Seattle Office Space News – September 2016

5/ October 2016

Below are comments and links to news articles and other topics relevant to the Seattle office space market from the month of September 2016.


This month the City’s design review board unanimously signed off on Google’s massive South Lake Union Expansion. The project will include several buildings up to 14 stories tall totaling 621,100 square feet. Construction is expected to begin in early 2017 and completion is slated for 2019.  New images that were part of the design review board show how Google’s new campus will continue to transform the tech-centered South Lake Union neighborhood.

Also this month, timber giant Weyerhaeuser began moving in to their new headquarters in Pioneer Square located at 200 Occidental. The company’s previous home was a 430 acre campus in Federal Way.  This move exemplifies the strategy of many companies to urbanize in an attempt to attract and retain talent.


There was just one building sale reported in September with the Watermark Tower at 1109 1st Ave selling to Martin Smith Inc. The 71,150 square foot office and residential building sold for $20.25 million or $284.61 per square foot. The building is situated right in front of the soon-to-be demolished viaduct and has seen the value appreciate from its purchase in 2012 for $11.2 million.


Once again the tech industry dominated office space news in September. Dropbox leased another floor in the Columbia Tower as it continues to hire aggressively in the region. The San Francisco based storage provider has 65 employees in Seattle currently.

In an opposite trend, Seattle based Porch has announced that they will be reducing their current footprint by 50%. Porch laid off about 92 workers in October 2015 and has now consolidated into 30,000 square feet at their building in SoDo at 2200 1st Ave S.

Finally, international engineering and design firm Stantec opened a Seattle location in September. The company leased 16,993 square feet on the sixth floor of the 400 Fairview building in South Lake Union. Stantec’s employees wanted to be closer the central core, which is what prompted the move from Lynwood to Seattle.


All signs continue to show the tech industry leading growth in the Pacific Northwest. Seattle was named the second hottest tech office market in the U.S. as tech companies leased 2.5 million square feet in the Seattle-Bellevue area last year, trailing on Silicon Valley at 3.9 million square feet. Industry experts expect the trend of large Silicon Valley companies opening outposts to continue as the average rental rate in Seattle is 55% less than the Valley.

A supporting report by Zillow shows that more and more people are continuing to search for homes in Seattle that do not currently live here.  Although this report does not show the entire picture it does offer some evidence that the high home prices are not driving residents out… at least not yet.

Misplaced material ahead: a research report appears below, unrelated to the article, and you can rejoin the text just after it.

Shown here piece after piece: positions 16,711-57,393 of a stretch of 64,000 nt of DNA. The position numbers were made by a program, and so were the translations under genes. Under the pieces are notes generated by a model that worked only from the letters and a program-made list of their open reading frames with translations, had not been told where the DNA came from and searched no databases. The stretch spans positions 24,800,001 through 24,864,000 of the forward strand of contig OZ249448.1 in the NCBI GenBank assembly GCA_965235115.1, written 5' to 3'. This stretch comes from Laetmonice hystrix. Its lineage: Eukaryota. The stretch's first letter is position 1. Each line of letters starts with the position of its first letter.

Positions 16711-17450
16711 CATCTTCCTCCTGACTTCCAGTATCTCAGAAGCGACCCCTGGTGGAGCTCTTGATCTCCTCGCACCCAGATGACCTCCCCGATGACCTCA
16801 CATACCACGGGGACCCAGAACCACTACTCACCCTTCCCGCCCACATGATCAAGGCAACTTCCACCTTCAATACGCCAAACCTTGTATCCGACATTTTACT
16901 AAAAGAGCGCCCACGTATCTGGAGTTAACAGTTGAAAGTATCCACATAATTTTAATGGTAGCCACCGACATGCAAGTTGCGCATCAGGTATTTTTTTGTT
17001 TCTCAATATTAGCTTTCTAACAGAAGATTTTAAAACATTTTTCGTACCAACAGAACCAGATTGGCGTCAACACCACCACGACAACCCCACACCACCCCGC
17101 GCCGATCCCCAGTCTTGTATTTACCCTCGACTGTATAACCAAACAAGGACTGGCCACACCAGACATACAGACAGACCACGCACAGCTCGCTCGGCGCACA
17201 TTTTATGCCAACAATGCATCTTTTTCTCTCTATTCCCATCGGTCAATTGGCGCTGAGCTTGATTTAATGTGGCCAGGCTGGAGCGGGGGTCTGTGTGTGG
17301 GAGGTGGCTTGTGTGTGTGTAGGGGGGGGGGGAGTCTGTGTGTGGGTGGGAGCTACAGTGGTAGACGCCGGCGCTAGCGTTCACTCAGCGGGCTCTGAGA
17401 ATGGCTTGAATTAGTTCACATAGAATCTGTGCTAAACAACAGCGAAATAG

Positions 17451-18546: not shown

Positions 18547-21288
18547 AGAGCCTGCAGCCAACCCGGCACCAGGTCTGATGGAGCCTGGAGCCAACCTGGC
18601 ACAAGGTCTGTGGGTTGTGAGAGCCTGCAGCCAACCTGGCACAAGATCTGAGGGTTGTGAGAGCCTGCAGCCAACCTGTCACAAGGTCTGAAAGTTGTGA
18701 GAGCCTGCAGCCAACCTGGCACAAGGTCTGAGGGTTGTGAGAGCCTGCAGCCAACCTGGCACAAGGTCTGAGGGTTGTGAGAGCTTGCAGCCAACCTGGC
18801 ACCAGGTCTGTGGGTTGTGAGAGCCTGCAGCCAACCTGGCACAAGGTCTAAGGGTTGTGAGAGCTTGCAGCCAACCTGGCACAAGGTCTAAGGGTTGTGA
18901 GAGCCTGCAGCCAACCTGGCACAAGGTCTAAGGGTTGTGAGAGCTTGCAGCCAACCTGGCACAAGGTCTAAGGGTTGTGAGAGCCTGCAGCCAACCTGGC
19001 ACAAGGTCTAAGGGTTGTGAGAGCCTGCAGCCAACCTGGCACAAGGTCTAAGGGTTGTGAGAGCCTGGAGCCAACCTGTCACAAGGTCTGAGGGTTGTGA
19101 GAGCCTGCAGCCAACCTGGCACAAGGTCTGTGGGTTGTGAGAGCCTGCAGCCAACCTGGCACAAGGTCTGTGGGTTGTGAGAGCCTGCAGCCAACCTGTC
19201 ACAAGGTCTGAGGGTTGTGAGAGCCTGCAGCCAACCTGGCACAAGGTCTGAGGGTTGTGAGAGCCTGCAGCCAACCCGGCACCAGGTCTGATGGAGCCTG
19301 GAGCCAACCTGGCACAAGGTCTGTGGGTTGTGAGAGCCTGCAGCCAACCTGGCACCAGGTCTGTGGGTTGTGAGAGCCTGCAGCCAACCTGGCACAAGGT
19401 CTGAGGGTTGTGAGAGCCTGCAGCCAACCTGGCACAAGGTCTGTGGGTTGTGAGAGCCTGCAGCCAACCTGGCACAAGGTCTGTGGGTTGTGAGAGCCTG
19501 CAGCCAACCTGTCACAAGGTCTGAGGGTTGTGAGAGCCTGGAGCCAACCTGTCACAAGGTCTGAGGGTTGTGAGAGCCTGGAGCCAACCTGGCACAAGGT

Home values in August rose at an 11.3 percent annual rate, the second highest in the nation. Surprisingly, this rate is significantly faster than the Bay Area where rates saw a cooling to 6 percent.

In a direct relation to Seattle’s growth, a $53.8 billion transportation package that would more than double the region’s light rail system is on the November ballot. Local technology leaders are advocating for the measure saying that Seattle needs to step up or fall behind as Seattle’s traffic problems continue to mount.

The office and residential market are not the only real estate sectors seeing extreme growth. A new report shows that nearly 2,940 hotel rooms are scheduled to open in Downtown Seattle in 2017 and 2018. The newest of these projects is Skanska’s 229 room Charter hotel at Second and Stewart Street near the market.

In relation to Seattle’s growing pains, a committee convened by Mayor Ed Murray has proposed several steps that could help small businesses find affordable space in the City. The findings did not support commercial rent control which many business leaders had levied for.


Earlier this month it looked like there would be another tunnel delay, as Bertha’s operators lost their liability insurance for a few hours. The tunnel was originally planned to open on August 31st and the operator had not extended its policy to account for the delays. Luckily, the stoppage was momentary and everything seems to be back on track.

In addition, the tunnel boring machine took a quick maintenance stop earlier this month after a two week break to replace heavy cutting tools.  The projected opening for the project is early 2019.


Brooks Sports headquarters building in the Fremont neighborhood was just named one of the greenest buildings in the world by being a part of the Living Building Pilot Program. The only other building in Seattle is the Bullitt Center. The buildings cut water and energy usage by 75% and reuse 50% of the rainwater that they capture on site.

Written by // flinn